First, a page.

The absentee ballot chaos involving charges, counter charges, complaints filed with state and federal agencies appears to have an impact on the number of returned ballots to the Town Clerk’s Office. As of Monday afternoon about 900 ballots had been received by the office out of about 2,700 processed. Two more days are available for return ballots, but political operatives from the campaign camps say they now project fewer returned ballots by absentee than originally projected. Still, the venom among campaign rivals continues on the verge of Wednesday’s Democratic primary for mayor and other offices.
The majority of absentee ballot action is coming from the camps of Bill Finch and Joe Ganim, both of whom have leveled charges against each other for impropriety. Meanwhile operatives for Mary-Jane Foster are lashing out at both those camps claiming absentee ballot abuses, but particularly Finch whose campaign operation is trying to marginalize Foster’s base of support in Black Rock claiming a vote for Foster is a vote for Ganim.
“Bridgeport has never seen this level of absentee ballot abuse–it is clear that the Finch campaign is realizing voters are looking for an honest choice for change and is panicking,” says Tom Swan, executive director of the Connecticut Citizens Action Group that is backing Foster. “I am hopeful that federal authorities will finally step in to prosecute this abuse and protect the integrity of the vote since state regulators continue to enable fraudulent voting in Bridgeport.”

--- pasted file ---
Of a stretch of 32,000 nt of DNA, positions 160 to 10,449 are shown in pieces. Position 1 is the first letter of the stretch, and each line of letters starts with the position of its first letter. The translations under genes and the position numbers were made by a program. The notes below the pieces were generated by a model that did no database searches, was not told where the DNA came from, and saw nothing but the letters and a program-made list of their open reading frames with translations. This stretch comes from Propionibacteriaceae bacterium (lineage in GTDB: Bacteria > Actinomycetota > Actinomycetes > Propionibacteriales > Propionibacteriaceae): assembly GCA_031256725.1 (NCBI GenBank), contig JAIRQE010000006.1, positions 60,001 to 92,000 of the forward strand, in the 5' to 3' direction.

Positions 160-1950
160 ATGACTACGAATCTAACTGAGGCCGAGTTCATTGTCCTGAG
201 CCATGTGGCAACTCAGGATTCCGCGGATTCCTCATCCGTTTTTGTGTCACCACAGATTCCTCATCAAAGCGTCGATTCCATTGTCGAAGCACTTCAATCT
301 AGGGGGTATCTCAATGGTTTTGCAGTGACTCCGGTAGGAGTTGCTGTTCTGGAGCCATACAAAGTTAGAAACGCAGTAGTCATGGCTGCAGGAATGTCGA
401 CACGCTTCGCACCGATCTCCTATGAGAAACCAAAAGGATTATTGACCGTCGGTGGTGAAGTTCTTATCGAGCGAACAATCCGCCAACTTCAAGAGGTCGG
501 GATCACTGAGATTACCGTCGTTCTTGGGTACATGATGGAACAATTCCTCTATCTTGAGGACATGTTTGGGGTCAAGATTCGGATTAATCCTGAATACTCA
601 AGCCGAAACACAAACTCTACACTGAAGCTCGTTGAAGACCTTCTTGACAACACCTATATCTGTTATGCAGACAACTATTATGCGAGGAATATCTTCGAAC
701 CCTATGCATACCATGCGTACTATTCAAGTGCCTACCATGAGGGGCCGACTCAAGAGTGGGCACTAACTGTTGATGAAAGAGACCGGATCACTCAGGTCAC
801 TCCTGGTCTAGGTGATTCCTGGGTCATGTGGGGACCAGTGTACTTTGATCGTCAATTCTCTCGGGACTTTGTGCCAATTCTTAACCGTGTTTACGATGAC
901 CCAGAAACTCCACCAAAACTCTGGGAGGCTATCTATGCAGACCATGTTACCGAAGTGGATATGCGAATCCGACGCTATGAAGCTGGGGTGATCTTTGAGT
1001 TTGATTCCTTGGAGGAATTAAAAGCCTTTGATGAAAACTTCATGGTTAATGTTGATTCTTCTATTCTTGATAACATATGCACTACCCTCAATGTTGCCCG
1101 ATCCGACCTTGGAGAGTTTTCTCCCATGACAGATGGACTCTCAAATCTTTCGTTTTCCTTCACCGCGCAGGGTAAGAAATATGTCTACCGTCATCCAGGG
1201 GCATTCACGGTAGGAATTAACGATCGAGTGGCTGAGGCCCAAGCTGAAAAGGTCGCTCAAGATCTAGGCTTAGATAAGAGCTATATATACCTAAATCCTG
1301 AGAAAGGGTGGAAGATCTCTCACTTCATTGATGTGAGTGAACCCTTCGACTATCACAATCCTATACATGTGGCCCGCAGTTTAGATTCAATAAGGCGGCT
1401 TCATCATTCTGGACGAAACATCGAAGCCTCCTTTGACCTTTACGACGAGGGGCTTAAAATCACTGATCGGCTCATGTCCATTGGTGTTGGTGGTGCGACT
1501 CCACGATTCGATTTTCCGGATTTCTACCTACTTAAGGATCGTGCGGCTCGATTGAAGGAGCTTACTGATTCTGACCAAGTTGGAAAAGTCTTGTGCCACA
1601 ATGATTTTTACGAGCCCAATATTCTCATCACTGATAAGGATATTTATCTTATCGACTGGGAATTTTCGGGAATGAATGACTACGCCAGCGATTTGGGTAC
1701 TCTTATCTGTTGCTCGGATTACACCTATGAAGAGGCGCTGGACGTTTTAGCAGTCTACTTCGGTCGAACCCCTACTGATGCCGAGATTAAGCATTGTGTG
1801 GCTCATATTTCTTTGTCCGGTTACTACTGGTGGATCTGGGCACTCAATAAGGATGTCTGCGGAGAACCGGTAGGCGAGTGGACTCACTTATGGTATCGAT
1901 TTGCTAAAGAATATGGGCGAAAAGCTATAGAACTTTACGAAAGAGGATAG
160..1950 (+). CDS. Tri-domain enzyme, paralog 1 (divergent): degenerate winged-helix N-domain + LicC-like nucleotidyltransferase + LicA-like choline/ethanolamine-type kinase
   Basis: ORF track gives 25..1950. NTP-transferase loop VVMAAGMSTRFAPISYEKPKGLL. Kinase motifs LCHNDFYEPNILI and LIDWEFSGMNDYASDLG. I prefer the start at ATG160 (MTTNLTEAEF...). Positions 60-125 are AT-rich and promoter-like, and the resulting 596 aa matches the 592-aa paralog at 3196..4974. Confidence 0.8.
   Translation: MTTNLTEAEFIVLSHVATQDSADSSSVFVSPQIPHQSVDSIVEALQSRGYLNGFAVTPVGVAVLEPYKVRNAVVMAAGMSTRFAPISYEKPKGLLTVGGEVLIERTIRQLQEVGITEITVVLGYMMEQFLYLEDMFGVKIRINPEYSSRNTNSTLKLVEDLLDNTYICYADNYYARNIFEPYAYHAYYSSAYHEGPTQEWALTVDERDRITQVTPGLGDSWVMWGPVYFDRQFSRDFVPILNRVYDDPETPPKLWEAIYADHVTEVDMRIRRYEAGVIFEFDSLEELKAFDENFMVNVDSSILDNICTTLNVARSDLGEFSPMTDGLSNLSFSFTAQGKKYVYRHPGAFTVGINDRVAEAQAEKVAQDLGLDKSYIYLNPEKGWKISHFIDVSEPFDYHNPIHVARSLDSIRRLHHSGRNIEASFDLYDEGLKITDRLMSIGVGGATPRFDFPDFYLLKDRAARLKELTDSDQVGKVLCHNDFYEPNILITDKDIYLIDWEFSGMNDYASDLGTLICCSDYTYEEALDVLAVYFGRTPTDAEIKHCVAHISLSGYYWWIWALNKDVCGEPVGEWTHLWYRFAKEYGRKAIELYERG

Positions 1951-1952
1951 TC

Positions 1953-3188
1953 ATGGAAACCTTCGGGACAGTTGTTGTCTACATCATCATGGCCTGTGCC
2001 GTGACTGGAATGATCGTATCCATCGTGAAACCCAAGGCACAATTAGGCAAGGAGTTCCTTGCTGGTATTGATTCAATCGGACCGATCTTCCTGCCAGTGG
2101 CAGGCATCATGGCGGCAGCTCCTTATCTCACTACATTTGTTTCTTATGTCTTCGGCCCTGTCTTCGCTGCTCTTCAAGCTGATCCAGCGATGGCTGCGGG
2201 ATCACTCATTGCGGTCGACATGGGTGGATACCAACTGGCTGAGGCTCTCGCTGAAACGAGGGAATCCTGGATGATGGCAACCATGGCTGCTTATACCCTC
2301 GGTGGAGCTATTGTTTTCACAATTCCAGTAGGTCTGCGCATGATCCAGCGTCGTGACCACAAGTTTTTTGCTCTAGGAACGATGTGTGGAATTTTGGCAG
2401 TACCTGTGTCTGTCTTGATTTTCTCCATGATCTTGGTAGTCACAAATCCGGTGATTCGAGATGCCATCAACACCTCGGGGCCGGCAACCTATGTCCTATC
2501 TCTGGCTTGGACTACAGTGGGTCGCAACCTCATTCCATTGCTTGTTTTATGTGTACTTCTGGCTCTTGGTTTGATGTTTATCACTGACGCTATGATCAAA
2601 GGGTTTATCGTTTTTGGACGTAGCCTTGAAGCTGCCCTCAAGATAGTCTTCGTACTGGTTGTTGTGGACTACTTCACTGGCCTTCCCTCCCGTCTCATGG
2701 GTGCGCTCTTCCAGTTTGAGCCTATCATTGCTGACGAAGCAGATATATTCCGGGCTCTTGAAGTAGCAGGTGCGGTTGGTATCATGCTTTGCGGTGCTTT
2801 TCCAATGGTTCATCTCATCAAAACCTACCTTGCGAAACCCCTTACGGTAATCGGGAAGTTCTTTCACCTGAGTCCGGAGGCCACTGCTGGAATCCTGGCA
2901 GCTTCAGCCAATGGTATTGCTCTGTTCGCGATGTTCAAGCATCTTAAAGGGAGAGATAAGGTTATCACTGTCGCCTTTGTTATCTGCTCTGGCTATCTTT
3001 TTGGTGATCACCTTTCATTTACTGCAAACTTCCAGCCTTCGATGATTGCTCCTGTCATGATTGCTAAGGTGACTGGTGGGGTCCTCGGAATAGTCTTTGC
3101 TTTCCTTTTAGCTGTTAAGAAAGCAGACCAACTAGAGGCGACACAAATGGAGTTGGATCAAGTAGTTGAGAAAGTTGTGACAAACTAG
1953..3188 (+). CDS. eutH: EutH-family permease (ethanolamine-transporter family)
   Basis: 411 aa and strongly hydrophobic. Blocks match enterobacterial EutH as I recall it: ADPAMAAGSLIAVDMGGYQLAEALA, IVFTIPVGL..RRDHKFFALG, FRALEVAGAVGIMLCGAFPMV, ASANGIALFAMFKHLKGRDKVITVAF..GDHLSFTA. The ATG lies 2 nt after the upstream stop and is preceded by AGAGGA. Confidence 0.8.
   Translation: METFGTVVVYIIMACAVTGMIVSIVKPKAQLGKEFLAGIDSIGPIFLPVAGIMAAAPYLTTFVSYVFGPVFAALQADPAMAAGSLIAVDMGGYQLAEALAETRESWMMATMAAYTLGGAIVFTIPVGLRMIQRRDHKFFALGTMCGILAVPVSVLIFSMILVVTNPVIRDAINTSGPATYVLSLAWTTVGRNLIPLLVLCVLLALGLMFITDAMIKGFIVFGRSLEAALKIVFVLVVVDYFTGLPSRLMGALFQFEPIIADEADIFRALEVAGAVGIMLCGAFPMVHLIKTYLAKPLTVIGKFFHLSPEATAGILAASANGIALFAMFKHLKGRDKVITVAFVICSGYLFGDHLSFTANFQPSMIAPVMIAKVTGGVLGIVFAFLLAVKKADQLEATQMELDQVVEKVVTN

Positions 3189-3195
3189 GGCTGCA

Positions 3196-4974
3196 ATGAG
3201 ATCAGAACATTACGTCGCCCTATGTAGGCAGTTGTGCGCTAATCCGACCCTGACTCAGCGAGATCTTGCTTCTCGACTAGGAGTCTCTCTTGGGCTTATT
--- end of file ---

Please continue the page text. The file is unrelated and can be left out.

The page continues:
This all started a few weeks ago when Democratic Registrar Sandi Ayala ordered supervised balloting at a few dozen locations that received a high volume of absentee ballot requests including health care facilities, senior citizen buildings and even the P.T. Barnum housing project. Supervised balloting is allowed by state law, on designated premises, to provide a check against electors being unduly influenced in the absentee ballot voting process.
Political operatives blanketed areas with absentee ballot applications they dropped off to the Town Clerk’s office for processing by mail. When supervised balloting is ordered, the ballots are set aside to be distributed to those electors who may fill them out at the designated locations prior to primary day.
This is where things get a little sticky. State statute provides that registrars oversee supervised balloting with the processing of ballots handled by town clerks. Lawyers for the city and state last week prevailed upon Town Clerk Alma Maya to mail hundreds of ballots slated for supervision claiming time was of the essence because not all supervised balloting locations had been scheduled. Ayala asserted they had jumped the gun, her timeline for scheduled supervised balloting was proper under state statute.
Meanwhile, all three campaign camps have filed elections complaints with state and federal agencies.
Four years ago more than 800 votes were cast by absentee in the mayoral primary between Finch and Foster. But since then political operatives have ramped up efforts to produce votes by absentee. If one side is doing it, then a competitor fundamentally decides to weigh in hard as well to limit an absentee ballot drubbing.
The Foster campaign has taken a different approach in lieu of a massive absentee ballot operation, scream from the mountaintops in hope to give pause to any potential absentee ballot cheats.